In the example... they're making use of the FQDN... and setting up a default site that pulls from a sub-folder. Basically... anything thrown at that IP will look for a folder with a matching name as the DNS name. i.e. test.local.com would resolve to /somewhere/test.local.com/
I'm not 100% sure... but I believe any site that does not have a /somewhere/_/ folder will throw up an error... rather than a default web site.
There's actually several different ways to implement it. (as described in that page you linked)
Using the mod_rewrite... will effectively rewrite the URL to a different path than was anticipated. i.e. test.somewhere.com would rewrite the addresses to something like www.something.com/test.something.com/ (you can make it work both ways so the end-user would never see the domain.com/sub-domain.com URL... but for permissions & such apache sees it that way.) with that model... you would have a sub-domain.com folder (or alias) in your document root for that site.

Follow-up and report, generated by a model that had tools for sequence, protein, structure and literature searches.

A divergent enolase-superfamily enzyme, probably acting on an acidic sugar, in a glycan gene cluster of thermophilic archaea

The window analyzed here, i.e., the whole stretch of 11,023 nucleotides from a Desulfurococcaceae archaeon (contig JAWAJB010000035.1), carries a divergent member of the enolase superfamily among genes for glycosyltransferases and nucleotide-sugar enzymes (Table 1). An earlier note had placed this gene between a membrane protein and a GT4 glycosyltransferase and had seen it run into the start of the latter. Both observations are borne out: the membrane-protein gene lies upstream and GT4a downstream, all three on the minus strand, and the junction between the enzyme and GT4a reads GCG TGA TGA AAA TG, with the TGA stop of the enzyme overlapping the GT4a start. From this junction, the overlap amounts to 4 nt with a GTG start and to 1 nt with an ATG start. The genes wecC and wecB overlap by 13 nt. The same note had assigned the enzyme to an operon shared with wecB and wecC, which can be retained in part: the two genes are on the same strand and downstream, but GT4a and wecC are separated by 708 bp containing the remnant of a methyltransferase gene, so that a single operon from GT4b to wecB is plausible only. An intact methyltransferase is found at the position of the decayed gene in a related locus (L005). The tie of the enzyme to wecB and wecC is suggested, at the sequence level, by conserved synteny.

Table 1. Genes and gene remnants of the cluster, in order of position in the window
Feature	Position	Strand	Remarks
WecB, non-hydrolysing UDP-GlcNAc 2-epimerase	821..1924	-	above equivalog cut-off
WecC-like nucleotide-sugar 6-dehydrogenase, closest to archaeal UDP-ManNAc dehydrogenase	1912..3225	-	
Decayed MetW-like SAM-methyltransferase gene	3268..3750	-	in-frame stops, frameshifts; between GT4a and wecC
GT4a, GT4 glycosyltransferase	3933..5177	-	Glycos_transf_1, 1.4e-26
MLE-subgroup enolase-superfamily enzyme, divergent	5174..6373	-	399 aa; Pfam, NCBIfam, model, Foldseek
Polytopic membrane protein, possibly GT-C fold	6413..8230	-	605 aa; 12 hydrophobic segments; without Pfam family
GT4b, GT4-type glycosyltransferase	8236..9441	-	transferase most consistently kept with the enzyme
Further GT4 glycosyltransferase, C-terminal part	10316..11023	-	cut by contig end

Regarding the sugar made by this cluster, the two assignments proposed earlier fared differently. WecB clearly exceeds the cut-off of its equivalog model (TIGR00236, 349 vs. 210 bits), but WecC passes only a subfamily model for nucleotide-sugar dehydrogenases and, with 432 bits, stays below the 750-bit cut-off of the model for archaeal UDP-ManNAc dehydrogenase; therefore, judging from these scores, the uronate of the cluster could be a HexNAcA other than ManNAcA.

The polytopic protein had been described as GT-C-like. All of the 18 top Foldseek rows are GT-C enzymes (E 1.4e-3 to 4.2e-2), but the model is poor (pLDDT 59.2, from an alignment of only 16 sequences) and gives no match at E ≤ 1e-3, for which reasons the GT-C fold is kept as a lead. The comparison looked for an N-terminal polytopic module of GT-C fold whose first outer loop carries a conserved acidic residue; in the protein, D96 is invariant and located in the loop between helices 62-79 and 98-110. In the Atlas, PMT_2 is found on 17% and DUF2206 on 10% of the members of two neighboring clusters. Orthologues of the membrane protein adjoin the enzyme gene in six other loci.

Using the mod_vhost_alias works similarly... but it makes assumptions that may not always work. i.e. I don't think you can have a "default" root.... where everything that doesn't match gets dumped to. but test.domain.com and test2.domain.com would get auto-mapped to /somedirectory/test.domain.com and /somedirectory/test2.domain.com respectively.
The key thing to make note of is the variables used in the configuration. $0 translates to the full-domain name of the site requested. i.e. VirtualDocumentRoot /www/%0/ would automatically dump you to the /www/some.domain.com/ directory (if browsing to some.domain.com) and mod-rewrite would pattern match on it & also rewrite the path to whatever directory.